The cost to the private sector is also on the rise. The Council for Medical Schemes (CMS) Report 2013-14 found that the prevalence of mental illness amongst medical schemes beneficiaries was growing. Total benefits per average beneficiary per month (pabpm) paid to psychiatrists increased by almost 35% from over three years, while the total benefits paid to psychologists pabpm increased by 26%. Over the same period, total benefits paid pabpm to mental health institutions increased by 58%.
“Mental illness in the workplace leads to decreased productivity, increased sick-related absenteeism, poor work quality, wasted materials and even compromised workplace safety,” argues Dr Ali Hamdulay, General Manager: Health Provider and Policy Unit at Metropolitan Health.
“Most employers tend to completely underestimate the financial impact of mental illness on their bottom-line. Increasing levels of mental illness drive up disability costs and demand more medical scheme spend.” Despite this, many mental disorders “fly under the radar”, going undiagnosed and untreated until the patient is suffering severely.
Where there is significant stigma, it is that much more difficult to intervene timeously and offer help and support where it is needed most. Instead, problems are compounded and pressures accumulate.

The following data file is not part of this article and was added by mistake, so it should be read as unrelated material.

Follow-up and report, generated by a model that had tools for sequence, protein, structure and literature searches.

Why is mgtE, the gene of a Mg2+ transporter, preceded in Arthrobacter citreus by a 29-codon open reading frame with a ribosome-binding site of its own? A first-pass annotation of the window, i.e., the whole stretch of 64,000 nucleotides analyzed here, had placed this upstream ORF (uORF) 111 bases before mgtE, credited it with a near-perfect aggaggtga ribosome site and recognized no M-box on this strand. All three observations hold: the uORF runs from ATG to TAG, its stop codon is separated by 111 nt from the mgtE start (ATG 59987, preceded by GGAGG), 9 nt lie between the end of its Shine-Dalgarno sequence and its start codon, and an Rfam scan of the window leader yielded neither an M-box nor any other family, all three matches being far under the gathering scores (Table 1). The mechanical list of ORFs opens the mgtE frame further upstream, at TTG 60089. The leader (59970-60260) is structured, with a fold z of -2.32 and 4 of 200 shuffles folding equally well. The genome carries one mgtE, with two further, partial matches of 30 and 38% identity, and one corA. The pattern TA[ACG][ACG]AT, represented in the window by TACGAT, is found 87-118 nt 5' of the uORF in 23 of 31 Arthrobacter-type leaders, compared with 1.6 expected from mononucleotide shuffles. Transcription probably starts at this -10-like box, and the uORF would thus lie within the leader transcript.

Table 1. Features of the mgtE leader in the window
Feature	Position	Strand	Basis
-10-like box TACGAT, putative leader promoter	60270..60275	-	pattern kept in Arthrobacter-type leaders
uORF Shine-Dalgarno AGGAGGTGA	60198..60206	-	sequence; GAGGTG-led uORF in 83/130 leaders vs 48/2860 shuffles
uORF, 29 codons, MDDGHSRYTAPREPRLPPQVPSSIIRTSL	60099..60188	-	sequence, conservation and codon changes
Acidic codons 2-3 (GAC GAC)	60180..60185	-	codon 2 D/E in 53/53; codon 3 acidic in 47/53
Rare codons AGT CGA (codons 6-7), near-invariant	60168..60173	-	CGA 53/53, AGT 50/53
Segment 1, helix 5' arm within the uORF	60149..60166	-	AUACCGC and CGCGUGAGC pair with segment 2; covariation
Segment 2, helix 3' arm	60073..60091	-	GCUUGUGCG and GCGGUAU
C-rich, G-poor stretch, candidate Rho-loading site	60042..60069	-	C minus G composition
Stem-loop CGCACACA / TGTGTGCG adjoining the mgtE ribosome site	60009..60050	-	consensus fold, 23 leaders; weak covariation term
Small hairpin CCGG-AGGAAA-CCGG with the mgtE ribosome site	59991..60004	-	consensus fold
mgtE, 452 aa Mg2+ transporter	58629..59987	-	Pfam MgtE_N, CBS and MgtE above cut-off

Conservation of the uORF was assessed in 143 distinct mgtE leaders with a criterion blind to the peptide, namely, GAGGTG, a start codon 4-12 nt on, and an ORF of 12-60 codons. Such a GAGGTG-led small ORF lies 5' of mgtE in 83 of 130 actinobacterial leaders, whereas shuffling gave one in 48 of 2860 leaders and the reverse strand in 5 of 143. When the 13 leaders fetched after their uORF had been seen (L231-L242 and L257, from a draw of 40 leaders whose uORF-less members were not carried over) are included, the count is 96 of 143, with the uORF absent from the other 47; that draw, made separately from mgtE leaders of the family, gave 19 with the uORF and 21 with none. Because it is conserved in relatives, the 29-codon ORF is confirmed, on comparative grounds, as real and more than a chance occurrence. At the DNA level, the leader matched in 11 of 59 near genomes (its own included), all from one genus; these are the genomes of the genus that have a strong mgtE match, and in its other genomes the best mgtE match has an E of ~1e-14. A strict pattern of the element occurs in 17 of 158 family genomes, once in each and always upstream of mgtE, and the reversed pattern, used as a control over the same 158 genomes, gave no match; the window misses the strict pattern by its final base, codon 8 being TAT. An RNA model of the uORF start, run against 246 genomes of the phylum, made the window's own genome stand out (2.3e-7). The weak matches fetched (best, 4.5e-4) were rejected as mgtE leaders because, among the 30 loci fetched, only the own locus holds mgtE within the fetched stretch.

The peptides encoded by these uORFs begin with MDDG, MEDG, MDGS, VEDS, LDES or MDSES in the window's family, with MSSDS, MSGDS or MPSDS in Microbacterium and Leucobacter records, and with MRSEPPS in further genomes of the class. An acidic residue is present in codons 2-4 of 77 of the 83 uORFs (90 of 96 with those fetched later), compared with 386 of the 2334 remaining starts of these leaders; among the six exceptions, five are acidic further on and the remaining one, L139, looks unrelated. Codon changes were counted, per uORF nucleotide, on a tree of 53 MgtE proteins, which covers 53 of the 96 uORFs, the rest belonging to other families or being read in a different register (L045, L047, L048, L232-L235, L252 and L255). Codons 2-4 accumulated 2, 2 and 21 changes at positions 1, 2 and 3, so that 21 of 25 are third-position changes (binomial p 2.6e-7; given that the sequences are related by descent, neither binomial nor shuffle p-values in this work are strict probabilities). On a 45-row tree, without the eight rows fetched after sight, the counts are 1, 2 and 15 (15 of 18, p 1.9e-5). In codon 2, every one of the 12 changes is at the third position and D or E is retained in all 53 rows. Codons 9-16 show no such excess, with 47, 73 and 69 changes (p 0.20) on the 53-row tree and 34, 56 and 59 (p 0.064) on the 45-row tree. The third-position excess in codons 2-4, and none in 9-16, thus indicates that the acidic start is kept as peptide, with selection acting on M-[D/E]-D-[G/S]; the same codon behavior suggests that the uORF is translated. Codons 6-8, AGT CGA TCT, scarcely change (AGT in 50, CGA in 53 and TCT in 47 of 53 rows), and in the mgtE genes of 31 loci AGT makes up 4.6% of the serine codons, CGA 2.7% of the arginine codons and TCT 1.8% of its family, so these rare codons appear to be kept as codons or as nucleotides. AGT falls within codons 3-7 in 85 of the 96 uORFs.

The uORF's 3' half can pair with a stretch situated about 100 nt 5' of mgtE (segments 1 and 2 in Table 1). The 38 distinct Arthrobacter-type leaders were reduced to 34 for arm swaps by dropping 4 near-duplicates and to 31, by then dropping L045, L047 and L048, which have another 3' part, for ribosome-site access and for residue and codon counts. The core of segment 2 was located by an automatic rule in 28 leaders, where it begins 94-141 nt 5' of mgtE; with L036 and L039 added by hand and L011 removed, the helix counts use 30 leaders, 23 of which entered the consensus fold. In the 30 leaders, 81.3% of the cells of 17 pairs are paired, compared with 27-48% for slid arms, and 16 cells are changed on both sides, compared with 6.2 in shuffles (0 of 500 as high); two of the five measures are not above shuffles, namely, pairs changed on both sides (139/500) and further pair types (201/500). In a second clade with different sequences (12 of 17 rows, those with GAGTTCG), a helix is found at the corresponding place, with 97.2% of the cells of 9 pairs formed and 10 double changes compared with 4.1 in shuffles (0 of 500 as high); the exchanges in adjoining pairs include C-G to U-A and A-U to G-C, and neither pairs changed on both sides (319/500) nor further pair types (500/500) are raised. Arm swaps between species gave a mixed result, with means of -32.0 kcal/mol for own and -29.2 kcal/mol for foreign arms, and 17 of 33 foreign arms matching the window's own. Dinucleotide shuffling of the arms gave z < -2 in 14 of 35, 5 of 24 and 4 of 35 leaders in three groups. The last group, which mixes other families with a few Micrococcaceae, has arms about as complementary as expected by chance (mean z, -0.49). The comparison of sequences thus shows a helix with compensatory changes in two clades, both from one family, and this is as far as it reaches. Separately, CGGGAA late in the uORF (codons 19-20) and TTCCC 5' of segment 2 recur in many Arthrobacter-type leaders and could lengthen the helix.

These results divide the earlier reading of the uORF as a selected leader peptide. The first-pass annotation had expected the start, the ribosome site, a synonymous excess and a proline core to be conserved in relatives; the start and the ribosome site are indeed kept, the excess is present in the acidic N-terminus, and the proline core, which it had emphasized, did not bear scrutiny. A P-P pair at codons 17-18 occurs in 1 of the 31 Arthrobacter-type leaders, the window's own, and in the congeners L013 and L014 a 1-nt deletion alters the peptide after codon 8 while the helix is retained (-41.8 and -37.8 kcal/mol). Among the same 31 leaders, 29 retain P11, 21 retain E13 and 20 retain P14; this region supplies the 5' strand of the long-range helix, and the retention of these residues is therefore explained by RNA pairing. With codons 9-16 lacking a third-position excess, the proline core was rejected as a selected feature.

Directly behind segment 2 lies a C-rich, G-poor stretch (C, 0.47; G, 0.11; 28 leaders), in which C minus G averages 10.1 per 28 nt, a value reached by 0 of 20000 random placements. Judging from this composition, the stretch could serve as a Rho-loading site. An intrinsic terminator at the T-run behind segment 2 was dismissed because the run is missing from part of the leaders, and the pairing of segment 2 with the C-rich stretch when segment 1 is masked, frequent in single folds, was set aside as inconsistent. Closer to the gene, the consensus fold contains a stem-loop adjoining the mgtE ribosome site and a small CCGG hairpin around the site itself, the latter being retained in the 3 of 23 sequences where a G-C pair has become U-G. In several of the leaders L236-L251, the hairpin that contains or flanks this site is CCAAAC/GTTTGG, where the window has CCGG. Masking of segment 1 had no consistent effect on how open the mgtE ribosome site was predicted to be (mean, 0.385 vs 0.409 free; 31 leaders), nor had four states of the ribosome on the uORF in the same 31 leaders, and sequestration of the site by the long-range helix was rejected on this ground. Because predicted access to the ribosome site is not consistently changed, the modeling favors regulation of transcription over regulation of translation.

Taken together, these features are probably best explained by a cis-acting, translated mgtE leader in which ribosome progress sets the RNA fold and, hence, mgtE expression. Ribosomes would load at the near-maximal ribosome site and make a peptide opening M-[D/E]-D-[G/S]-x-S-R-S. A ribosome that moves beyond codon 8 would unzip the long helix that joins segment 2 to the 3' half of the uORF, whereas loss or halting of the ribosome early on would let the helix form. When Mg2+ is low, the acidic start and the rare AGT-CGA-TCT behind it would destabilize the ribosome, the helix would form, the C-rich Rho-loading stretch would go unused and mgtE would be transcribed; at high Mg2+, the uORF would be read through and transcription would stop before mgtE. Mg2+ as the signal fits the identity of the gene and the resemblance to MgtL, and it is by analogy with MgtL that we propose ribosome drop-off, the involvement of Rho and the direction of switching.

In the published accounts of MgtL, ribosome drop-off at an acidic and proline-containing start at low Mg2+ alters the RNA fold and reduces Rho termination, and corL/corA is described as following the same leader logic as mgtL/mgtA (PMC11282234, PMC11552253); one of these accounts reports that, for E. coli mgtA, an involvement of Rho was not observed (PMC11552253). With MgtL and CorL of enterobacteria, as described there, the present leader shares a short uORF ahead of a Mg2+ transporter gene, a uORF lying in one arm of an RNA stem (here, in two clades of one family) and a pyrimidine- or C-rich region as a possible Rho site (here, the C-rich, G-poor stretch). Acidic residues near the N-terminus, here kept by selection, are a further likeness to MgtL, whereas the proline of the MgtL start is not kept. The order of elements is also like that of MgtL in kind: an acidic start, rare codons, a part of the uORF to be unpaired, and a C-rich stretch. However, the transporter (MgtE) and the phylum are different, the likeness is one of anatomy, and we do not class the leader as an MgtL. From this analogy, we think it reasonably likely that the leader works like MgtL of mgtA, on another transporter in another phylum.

James Espey, veteran businessman and philanthropist who heads up the Shaw Mind Foundation – an organisation dedicated to fighting and redressing mental health injustices – says it’s necessary to tackle the problem at multiple levels but that it starts with breaking down stigma. Espey has spent over 50 years in business and has himself suffered two mental breakdowns during his career.
He says that to beat stigma in the workplace, there needs to be a paradigm shift and employers have to start by recognising that their people are not numbers and to prioritise their well-being, defined as a combination of physical, mental, and spiritual health. A new book on well-being for sustainability in the global workplace cites numerous studies from five continents that show growing evidence that well-being at work generates positive impacts on organisational outcomes such as job performance, competitiveness, quality standards, and ultimately, business sustainability.